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## PowerPoint Slideshow about 'Auto-Epistemic Logic' - colman

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Presentation Transcript

Auto-Epistemic Logic

- Proposed by Moore (1985)
- Contemplates reflection on self knowledge (auto-epistemic)
- Permits to talk not just about the external world, but also about the knowledge I have of it

Syntax of AEL

- 1st Order Logic, plus the operator L (applied to formulas)
- Lj signifies “I know j”
- Examples:
place →L place (or L place → place)

young (X) Lstudies (X) → studies (X)

Meaning of AEL

- What do I know?
- What I can derive (in all models)

- And what do I know not?
- What I cannot derive

- But what can be derived depends on what I know
- Add knowledge, then test

Semantics of AEL

- T* is an expansion of theory T iff
T* = Th(T{Lj : T* |= j} {Lj : T* |≠j})

- Assuming the inference rule j/Lj :
T* = CnAEL(T {Lj : T* |≠j})

- An AEL theory is always two-valued in L, that is, for every expansion:
j | Lj T* Lj T*

Knowledge vs. Belief

- Belief is a weaker concept
- For every formula, I know it or know it not
- There may be formulas I do not believe in, neither their contrary

- The Auto-Epistemic Logic of knowledge and belief (AELB), introduces also operator B j – I believe in j

AELB Example

- I rent a film if I believe I’m neither going to baseball nor football games
Bbaseball Bfootball → rent_filme

- I don’t buy tickets if I don’t know I’m going to baseball nor know I’m going to football
Lbaseball Lfootball → buy_tickets

- I’m going to football or baseball
baseball football

- I should not conclude that I rent a film, but do conclude I should not buy tickets

Axioms about beliefs

- Consistency Axiom
B

- Normality Axiom
B(F → G) → (B F →B G)

- Necessitation rule
F

B F

Minimal models

- In what do I believe?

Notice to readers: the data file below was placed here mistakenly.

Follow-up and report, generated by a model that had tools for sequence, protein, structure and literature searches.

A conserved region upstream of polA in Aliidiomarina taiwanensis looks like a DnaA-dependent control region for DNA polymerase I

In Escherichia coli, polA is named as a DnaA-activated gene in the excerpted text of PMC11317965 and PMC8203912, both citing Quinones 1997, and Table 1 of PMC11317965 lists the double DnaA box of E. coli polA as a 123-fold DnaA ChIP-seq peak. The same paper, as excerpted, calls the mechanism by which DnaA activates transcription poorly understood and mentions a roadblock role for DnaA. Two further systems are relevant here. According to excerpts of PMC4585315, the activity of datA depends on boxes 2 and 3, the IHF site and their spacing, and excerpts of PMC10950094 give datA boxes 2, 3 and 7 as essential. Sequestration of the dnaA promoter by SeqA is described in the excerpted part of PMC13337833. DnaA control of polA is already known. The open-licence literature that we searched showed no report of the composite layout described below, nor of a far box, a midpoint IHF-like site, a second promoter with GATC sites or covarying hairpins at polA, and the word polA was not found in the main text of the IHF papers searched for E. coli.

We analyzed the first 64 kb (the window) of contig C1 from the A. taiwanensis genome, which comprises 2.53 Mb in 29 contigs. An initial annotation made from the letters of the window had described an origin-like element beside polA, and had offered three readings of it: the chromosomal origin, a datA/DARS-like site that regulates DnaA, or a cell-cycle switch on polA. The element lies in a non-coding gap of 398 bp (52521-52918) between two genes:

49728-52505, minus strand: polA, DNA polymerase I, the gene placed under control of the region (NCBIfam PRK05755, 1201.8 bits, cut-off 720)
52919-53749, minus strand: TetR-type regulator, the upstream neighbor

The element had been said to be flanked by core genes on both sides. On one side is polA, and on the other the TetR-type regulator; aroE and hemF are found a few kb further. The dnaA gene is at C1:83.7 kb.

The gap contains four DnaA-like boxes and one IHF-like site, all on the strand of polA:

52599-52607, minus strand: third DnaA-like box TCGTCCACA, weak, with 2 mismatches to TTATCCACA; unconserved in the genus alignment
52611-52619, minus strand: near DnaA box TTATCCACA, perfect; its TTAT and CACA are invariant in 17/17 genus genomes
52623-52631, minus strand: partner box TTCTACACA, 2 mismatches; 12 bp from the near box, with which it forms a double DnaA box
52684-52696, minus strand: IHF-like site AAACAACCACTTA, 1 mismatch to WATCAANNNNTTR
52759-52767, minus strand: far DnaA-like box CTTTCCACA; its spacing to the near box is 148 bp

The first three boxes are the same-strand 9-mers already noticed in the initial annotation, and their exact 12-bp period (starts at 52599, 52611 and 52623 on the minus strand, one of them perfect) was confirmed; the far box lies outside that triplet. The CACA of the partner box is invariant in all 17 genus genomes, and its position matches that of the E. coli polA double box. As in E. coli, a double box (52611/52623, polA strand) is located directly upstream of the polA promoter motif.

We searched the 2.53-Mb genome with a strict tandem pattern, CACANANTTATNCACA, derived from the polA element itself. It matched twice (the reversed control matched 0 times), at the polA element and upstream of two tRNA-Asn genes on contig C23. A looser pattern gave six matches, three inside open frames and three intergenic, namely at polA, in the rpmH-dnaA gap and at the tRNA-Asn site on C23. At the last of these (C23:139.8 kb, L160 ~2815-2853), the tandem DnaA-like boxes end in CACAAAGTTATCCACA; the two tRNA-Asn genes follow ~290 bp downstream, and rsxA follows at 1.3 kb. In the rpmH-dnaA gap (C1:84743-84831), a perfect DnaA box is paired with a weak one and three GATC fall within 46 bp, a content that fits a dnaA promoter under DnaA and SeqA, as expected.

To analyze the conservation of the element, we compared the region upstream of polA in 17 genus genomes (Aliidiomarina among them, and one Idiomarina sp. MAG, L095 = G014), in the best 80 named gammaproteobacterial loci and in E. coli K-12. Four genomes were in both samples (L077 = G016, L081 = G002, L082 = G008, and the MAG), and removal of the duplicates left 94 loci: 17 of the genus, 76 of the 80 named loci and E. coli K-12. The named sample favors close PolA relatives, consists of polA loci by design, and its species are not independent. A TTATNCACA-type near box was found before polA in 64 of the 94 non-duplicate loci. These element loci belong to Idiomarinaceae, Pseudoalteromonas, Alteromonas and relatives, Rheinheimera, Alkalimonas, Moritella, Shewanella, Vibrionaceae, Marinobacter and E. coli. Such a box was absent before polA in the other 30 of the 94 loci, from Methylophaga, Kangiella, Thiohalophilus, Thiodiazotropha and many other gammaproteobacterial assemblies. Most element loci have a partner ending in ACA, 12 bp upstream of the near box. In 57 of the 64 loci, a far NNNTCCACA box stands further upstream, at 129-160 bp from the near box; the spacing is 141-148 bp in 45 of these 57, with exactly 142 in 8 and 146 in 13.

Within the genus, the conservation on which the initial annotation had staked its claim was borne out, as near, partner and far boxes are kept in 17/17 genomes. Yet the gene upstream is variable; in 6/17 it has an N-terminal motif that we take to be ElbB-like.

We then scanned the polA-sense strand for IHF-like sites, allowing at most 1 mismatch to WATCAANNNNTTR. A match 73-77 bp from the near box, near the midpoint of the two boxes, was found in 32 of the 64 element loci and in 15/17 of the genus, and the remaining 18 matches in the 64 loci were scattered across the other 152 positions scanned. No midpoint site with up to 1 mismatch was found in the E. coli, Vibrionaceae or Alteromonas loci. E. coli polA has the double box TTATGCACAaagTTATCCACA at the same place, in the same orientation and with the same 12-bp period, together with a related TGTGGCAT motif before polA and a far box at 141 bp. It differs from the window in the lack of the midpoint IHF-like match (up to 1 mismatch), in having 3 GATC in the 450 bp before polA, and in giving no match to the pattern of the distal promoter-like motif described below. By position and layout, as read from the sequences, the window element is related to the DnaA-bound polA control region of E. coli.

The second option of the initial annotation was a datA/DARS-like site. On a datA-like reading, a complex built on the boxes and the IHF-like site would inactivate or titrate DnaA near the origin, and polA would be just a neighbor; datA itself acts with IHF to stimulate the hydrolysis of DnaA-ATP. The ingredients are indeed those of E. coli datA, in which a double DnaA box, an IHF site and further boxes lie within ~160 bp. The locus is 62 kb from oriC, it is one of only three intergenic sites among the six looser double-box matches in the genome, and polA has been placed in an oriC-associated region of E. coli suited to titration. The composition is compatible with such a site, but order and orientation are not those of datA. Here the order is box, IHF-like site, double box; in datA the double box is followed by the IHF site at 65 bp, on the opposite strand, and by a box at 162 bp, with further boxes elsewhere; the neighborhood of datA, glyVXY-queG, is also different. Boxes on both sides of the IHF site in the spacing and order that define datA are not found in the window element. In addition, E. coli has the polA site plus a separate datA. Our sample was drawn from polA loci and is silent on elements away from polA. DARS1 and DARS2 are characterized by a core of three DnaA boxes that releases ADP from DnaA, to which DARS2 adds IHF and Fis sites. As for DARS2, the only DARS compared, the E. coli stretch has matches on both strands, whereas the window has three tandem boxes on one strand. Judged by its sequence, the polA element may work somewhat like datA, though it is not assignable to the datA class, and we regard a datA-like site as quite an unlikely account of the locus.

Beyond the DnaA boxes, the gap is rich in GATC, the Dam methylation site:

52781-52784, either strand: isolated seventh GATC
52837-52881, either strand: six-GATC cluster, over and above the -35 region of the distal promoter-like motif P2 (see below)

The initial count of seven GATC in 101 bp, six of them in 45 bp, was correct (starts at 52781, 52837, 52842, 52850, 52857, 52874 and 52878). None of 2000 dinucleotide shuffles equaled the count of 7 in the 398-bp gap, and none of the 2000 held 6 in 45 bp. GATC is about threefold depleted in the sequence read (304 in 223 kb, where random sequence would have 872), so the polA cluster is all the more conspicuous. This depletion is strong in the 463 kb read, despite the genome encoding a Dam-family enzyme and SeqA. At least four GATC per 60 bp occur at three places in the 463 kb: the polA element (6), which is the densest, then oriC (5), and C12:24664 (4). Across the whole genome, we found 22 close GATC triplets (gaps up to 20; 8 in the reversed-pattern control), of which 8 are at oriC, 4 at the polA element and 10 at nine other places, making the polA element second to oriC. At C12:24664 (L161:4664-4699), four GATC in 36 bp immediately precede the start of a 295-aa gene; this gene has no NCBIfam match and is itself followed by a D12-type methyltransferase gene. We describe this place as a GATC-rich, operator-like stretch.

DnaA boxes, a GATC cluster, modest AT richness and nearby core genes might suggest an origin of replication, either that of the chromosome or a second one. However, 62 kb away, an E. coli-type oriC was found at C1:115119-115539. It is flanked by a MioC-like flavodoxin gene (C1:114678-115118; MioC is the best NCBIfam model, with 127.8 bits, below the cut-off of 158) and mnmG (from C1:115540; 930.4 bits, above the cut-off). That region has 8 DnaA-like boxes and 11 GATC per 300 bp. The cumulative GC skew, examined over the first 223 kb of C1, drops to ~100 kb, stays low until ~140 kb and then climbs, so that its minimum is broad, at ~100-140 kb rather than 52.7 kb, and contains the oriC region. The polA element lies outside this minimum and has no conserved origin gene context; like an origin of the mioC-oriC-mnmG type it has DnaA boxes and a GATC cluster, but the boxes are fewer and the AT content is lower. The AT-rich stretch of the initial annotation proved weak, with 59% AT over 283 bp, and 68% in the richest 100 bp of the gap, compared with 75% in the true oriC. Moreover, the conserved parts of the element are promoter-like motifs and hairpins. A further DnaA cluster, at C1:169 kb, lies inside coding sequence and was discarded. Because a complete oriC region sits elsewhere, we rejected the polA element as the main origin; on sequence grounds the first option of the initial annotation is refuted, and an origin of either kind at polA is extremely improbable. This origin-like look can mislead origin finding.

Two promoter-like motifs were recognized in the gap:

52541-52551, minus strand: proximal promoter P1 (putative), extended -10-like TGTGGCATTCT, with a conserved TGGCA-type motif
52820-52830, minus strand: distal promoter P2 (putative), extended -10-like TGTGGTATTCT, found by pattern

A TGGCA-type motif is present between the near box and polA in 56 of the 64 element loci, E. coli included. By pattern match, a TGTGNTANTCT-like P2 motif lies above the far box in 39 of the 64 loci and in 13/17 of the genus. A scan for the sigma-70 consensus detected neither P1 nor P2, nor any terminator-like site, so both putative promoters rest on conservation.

- In that which belongs to all preferred models

- Which are the preferred models?
- Those that, for one same set of beliefs, have a minimal number of true things

- A model M is minimal iff there does not exist a smaller model N, coincident with M on Bj e Lj atoms
- When j is true in all minimal models of T, we write T |=minj

AELB expansions

- T* is a static expansion of T iff
T* = CnAELB(T {Lj : T* |≠j}

{Bj : T* |=minj})

where CnAELB denotes closure using the axioms of AELB plus necessitation for L

The special case of AEB

- Because of its properties, the case of theories without the knowledge operator is especially interesting
- Then, the definition of expansion becomes:
T* = YT(T*)

where YT(T*) = CnAEB(T {Bj : T* |=minj})

and CnAEB denotes closure using the axioms of AEB

Least expansion

- Theorem: Operator Y is monotonic, i.e.
T T1 T2→YT(T1) YT(T2)

- Hence, there always exists a minimal expansion of T, obtainable by transfinite induction:
- T0 = CnAEB(T)
- Ti+1 = YT(Ti)
- Tb = Ua < b Ta (for limit ordinals b)

Consequences

- Every AEB theory has at least one expansion
- If a theory is affirmative (i.e. all clauses have at least a positive literal) then it has at least a consistent expansion
- There is a procedure to compute the semantics

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